* * *
Republican leadership has faced criticism for the manner in which the legislation is being crafted. Several members say the bill is not expected to go through the formal committee process. GOP leaders defend their methods and say all Republican senators will have the opportunity to contribute to the measure, but some members are warning that the conference as a whole will need ample time to review any final product.
Senator Bob Corker (R-TN) was critical of McConnell’s AHCA “working group” today. GOP is writing health care bill in secret, without experts:
[I]n the Senate, the chamber’s health care working group – 13 conservative white guys – have been quietly crafting their own legislation.
In fact, “quietly” is a polite way of describing the Senate process. Majority Leader Mitch McConnell (R-Ky.) has insisted on as much secrecy as he can muster, and he’s made a deliberate decision to exclude all Senate Democrats – 48% of the chamber, representing more than 50% of the country – from the deliberations. (There is some irony to the fact that Donald Trump is looking for ways to force Democrats to the negotiating table, while GOP leaders block Dems from reaching that table.)
Making matters quite a bit worse, one Republican senator shed new light on just how ridiculous his party’s process has become. The HuffPost reported:
Sen. Bob Corker (R-Tenn.) on Tuesday unexpectedly torched his party’s process for crafting an Obamacare repeal bill behind closed doors.
“It’s a very awkward process, at best,” he told reporters. “There are no experts. There’s no actuarials…. Typically, in a hearing, you’d have people coming in and you’d also have the media opining about if a hearing took place, and X came in and made comments.”
The Tennessee Republican reportedly added that a public process generally helps “shape policy.”
By one account, the GOP’s health care working group did receive some information yesterday from actuaries, but the discussion was held behind closed doors, and only the 13 Republican members of the working group were allowed to participate in the discussion.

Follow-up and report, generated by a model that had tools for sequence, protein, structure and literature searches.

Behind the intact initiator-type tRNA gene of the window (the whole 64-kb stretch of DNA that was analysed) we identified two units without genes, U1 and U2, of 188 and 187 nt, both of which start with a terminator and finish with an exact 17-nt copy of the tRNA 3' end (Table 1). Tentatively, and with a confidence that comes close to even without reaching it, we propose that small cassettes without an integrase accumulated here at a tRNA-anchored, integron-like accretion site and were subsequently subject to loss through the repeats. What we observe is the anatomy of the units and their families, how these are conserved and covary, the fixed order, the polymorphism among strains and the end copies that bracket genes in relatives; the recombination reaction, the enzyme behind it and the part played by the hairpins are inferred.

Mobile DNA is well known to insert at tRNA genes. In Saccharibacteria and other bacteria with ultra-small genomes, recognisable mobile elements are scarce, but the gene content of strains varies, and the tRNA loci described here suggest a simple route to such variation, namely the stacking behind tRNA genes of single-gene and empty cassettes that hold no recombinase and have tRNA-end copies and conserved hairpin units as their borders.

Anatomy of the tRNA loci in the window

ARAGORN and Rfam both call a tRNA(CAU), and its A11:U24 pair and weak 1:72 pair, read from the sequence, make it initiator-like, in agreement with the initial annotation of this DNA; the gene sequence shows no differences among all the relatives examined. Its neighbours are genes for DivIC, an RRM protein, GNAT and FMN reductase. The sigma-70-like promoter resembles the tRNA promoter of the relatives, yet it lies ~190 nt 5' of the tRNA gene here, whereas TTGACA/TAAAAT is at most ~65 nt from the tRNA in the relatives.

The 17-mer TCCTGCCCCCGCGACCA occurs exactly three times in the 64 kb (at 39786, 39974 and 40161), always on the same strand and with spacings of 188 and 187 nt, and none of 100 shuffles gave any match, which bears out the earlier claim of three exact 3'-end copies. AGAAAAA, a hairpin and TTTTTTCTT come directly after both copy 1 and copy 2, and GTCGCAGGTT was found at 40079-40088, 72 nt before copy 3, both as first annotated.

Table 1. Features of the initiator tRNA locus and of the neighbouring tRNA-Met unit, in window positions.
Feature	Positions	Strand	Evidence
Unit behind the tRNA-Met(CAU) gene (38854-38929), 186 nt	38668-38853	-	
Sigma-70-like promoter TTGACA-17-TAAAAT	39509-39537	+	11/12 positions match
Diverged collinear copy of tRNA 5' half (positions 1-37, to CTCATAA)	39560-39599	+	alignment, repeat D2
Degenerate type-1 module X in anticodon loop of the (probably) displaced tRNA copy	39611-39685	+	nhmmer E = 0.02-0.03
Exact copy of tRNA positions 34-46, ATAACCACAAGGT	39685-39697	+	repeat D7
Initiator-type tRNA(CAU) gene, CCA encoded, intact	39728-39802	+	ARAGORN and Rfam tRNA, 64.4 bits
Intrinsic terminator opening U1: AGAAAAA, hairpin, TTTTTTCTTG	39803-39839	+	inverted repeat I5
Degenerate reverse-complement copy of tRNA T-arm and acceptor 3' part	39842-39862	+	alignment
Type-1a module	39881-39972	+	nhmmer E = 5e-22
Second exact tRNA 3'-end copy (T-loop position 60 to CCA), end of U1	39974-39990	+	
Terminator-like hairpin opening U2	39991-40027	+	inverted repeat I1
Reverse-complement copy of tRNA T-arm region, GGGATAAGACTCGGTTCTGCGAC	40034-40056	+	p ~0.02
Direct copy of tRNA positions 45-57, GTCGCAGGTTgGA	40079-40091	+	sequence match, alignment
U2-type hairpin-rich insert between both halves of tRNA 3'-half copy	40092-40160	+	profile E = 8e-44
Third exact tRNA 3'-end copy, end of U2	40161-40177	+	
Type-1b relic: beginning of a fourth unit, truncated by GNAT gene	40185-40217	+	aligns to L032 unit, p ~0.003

Not to put too fine a point on this, but the GOP’s approach isn’t how legislating in the United States is supposed to work. What Bob Corker described is a great example of a post-policy party – trying to write a bill in the dark with little to no input from subject-matter experts, authorities, or stakeholders – but it’s a pretty ridiculous way to craft life-or-death legislation affecting one-sixth of the world’s largest economy.
Perhaps Republican lawmakers need a refresher. When writing legislation of this significance, senators are supposed to schedule hearings, invite knowledgeable witnesses, listen to testimony, host bipartisan debate, and welcome scrutiny from the public and the media in an open process. It’s a little something civics nerds might call “American legislating.”
For all the talk about Donald Trump’s antics being at odds with the political norms of the United States, it’s worth pausing to remember that his pals on Capitol Hill made a right turn at normal quite a while ago, and they’re not looking back.
This is what authoritarian Tea-Publican tyranny looks like. Mitch McConnell personifies it. He will be remembered as a villain in American history.